There have been so many spoofs on the spy movie genre that it’s easy to get the general idea of how the entire movie is going to play out well before you’ve watched it. The same goes for a Melissa McCarthy-led big screen effort. You just know she’s going to be sweet and funny but also foul-mouthed and violently comedic and that’s just how it goes. So it’s surprising that when McCarthy and the spoof spy movie come together, it actually makes for a movie that is greater than the sum of its parts.
In Spy McCarthy plays Susan Cooper, a CIA agent who is great at her job. Only problem is it happens to be behind a desk. She’s an analyst who remote assists her partner Bradley Fine (Jude Law) when he is out in the field doing daring and fabulous spy type things. Susan is sharp, intelligent and skilled but so low in self confidence that no one thinks she can do more. Things take a turn for the bizarre in the field and long story short, Susan is now recruited to go out there and keep an eye on the bad guy – in this case a woman called Rayna Boyanov (Rose Byrne). That’s when the fun begins and through her various disguises Susan gets to reveal her real self. (I bet that’s what the pitch notes said.)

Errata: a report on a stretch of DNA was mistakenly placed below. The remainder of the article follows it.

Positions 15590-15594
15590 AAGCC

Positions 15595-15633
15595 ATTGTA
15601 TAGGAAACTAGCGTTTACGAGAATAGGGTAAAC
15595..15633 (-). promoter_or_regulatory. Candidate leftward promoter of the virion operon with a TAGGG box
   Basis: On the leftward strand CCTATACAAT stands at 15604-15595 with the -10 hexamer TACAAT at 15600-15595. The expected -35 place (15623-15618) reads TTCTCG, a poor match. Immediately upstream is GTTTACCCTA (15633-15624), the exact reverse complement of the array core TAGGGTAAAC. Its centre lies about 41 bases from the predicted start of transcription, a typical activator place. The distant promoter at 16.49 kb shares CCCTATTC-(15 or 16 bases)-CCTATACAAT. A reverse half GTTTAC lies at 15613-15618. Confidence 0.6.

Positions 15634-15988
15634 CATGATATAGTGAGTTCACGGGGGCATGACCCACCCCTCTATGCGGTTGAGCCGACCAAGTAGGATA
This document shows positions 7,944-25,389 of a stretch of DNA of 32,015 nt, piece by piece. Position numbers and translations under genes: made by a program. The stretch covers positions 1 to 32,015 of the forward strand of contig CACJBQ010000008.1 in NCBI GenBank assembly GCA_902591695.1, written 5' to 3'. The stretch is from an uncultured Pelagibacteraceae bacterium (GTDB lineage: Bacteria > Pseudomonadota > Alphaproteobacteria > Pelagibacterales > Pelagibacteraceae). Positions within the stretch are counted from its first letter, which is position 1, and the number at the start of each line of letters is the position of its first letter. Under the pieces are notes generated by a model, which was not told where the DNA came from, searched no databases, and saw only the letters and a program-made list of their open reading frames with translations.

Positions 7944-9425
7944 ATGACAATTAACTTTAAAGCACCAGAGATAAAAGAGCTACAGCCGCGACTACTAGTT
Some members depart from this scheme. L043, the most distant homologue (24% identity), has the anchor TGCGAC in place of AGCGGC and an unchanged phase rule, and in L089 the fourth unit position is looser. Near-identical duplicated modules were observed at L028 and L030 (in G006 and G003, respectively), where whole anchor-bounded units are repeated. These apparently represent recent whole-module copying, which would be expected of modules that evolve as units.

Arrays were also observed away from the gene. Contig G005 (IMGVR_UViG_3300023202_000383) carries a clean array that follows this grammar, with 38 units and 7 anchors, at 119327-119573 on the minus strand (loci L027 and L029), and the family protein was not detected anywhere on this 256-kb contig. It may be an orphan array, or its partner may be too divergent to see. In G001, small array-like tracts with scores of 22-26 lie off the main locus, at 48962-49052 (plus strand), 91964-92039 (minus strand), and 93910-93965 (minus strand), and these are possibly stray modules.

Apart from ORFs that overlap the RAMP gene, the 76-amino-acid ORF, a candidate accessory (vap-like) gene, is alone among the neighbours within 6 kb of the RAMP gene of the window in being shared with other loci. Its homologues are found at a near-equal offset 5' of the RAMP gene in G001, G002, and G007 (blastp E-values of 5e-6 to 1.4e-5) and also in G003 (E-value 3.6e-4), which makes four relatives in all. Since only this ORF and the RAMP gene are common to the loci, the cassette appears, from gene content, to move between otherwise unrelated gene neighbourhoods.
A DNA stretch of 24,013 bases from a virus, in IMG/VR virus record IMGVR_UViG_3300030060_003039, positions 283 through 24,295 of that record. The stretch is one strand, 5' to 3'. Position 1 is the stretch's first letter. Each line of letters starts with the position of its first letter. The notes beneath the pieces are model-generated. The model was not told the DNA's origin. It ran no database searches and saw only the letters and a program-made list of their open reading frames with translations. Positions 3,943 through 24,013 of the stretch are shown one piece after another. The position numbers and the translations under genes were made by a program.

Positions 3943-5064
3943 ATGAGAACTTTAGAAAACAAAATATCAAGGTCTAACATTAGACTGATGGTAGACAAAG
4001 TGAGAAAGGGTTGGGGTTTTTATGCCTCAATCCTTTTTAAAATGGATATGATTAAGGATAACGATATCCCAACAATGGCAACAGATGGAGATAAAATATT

This kind of movie is supposed to be goofy, energetic and a fun ride and that is exactly what Spy is. The cast really gets into their parts – Byrne in particular is fantastic as the suspicious, ice-cold super villain, McCarthy commits fully to her various avatars and has a hilarious second partner in fellow desk agent Nancy played by the excellent British actress Miranda Hart, the normally strong and silent Jason Statham seems to relish playing the full-on, off-his-rocker rogue agent. Even Bollywood actress Nargis Fakhri’s brief role as some sort of fighter badass is made to count.
Under all the flair of the slick espionage universe, this is an underdog movie and when the journey is a fun one it’s easy to watch all the way through. Spy is just the kind of silliness you need at the end of a long work week. This one is worth a watch.